Aaron Peters

Optimized JS snippet for Firebase Performance Monitoring

At Google I/O 2019, Google announced the beta release of Firebase Performance Monitoring for Web, a free service that helps you gain insight into the performance characteristics of your website / web app.

Firebase Performance Monitoring for Web collects performance data from within the browser, so you have to add a small JavaScript snippet to your app / pages.

Although the snippet provided by Google works as intended, it is not as good as it can and should be.

In this article I'll outline the problems with Google's snippet and present the optimized JS snippet for Firebase Performance Monitoring for Web.

The default Firebase JS snippet

The Firebase Get started with Performance Monitoring for web page outlines the steps to take to get up & running with Firebase Performance Monitoring for Web. If you're not using other Firebase products in your app you'll need to grab the JS snippet that loads the standalone SDK.

Here's that snippet:

<script>
(function(sa, fbc) {
function load(f, c) {
var a = document.createElement('script');
a.async = 1;
a.src = f;
var s = document.getElementsByTagName('script')[0];
s.parentNode.insertBefore(a, s);
}
load(sa);
window.addEventListener('load', function() {
firebase.initializeApp(fbc).performance()
});
})(performance_standalone, firebaseConfig);
</script>

where

  • performance_standalone is the URL of the standalone SDK (the JS file), currently https://www.gstatic.com/firebasejs/7.5.0/firebase-performance-standalone.js
  • firebaseConfig is your app's Firebase config object

The Firebase documentation states "Add the following script to the header of your index file". In other words: you must add the JS snippet to the <head> of the HTML.

Problems with this snippet

SDK loads in browsers where it will do nothing

The SDK for Firebase Performance Monitoring for Web uses the Fetch API, a modern replacement for XMLHttpRequest.

Fetch is not supported in Internet Explorer, so it's pointless to load the SDK in IE.

Download of the SDK starts too soon

The browsers starts downloading the SDK as soon as it executes the snippet: the browser evaluates load(sa) and the download starts right away.

By placing the default snippet high up in the HTML (in the <head>), the SDK download starts early in the page load process and consumes some of the available bandwidth, leaving less bandwidth to download other, more important content and scripts.

Consequently, those other more important content and scripts will finish downloading later and this delays the loading and rendering of the page.

My advice is to defer the downloading of third party scripts until after the page has completely loaded (the load event has fired).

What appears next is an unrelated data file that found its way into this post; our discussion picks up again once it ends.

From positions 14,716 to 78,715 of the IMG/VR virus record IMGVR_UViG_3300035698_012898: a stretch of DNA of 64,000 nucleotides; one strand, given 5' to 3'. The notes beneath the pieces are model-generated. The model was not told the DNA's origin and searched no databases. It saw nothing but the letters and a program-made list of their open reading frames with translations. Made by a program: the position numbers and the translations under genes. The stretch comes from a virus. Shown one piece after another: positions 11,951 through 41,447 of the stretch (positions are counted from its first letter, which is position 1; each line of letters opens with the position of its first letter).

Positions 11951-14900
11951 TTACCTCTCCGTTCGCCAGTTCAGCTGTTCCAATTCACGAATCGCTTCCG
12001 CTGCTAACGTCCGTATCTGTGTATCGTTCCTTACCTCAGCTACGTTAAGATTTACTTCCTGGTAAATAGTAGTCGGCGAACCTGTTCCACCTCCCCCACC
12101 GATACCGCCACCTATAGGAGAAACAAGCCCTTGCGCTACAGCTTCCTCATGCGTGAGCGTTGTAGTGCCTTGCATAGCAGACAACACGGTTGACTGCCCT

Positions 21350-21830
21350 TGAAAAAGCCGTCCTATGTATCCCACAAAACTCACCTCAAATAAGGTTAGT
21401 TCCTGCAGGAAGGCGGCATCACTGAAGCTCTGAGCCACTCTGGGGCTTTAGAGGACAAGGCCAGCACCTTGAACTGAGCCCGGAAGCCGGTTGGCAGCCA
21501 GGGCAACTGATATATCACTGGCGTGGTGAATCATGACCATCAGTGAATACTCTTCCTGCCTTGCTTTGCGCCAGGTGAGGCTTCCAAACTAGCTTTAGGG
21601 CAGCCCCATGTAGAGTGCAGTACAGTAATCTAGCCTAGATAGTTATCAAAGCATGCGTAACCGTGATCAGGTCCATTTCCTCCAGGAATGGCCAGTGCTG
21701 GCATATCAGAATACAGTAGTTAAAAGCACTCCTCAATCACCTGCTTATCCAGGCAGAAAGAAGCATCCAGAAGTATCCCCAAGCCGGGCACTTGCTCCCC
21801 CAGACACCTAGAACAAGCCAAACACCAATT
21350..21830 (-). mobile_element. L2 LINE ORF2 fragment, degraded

Poor man's hook into the 'page is done loading' event

What if the snippet is not placed in the <head> of the HTML directly but instead injected into the page with a tag manager, maybe even after the user clicks OK in the cookie wall?

This will result in the snippet executing late, and if that is after the load event fires, the performance monitoring by Firebase will not happen.

Optimized Firebase JS snippet

The optimized snippet below fixes all the problems mentioned above:

  • do nothing in unsupported browsers
  • don't load the JS file before the page has finished loading: even though it loads async, it is best to delay it's loading until after the load event because a) the browser can use available bandwidth to load more important resources, and b) async loaded scripts delay the load event
  • ensure the snippet works in case it executes not just before but also after the page has finished loading
  • pass window and document into the function (a micro optimization for just a tiny bit faster parsing)
<script>
(function(win, doc, sa, fbc) {

if(!win.fetch){ // do nothing if browser does not support the Fetch API
return;
}

function load(f, c, a, s) {
a = doc.createElement('script');
a.async = 1;
a.src = f;
a.addEventListener('load', (function(){
firebase.initializeApp(fbc).performance();
}))
s = doc.getElementsByTagName('script')[0];
s.parentNode.insertBefore(a, s);
}

if (doc.readyState !== 'complete') { // page has not finished loading yet, so add a listener for the 'load' event
win.addEventListener('load', (function(){
load(sa);
}), false)
} else { // page finished loading, so fetch the script immediately
load(sa);
}

})(window, document, performance_standalone, firebaseConfig)
</script>

where

  • performance_standalone is https://www.gstatic.com/firebasejs/7.5.0/firebase-performance-standalone.js
  • firebaseConfig is your app's Firebase config object

Place the snippet in the top of the HEAD

Where to best place the Firebase JS snippet in your HTML, exactly?

Sure, Firebase states you should add the snippet to the <head> but that is not specific enough.

From a performance perspective, it matters greatly where in the <head> you place the JS snippet. Inline JS in the <head> that comes after CSS (inline or external) blocks parsing of the document until all the CSS has been downloaded and processed.

So, put the Firebase JS snippet before any inline or external CSS.

Take-aways

  • Do not assume a snippet provided by a third party is optimized for performance
  • Defer the loading of third party scripts until after the load event (even if the script loads async)
  • Inline JS should go in the top of <head> (before CSS)
  • Ensure your snippet always references the latest version of the standalone SDK: check the Firebase Performance Monitoring web site regularly

Webmentions

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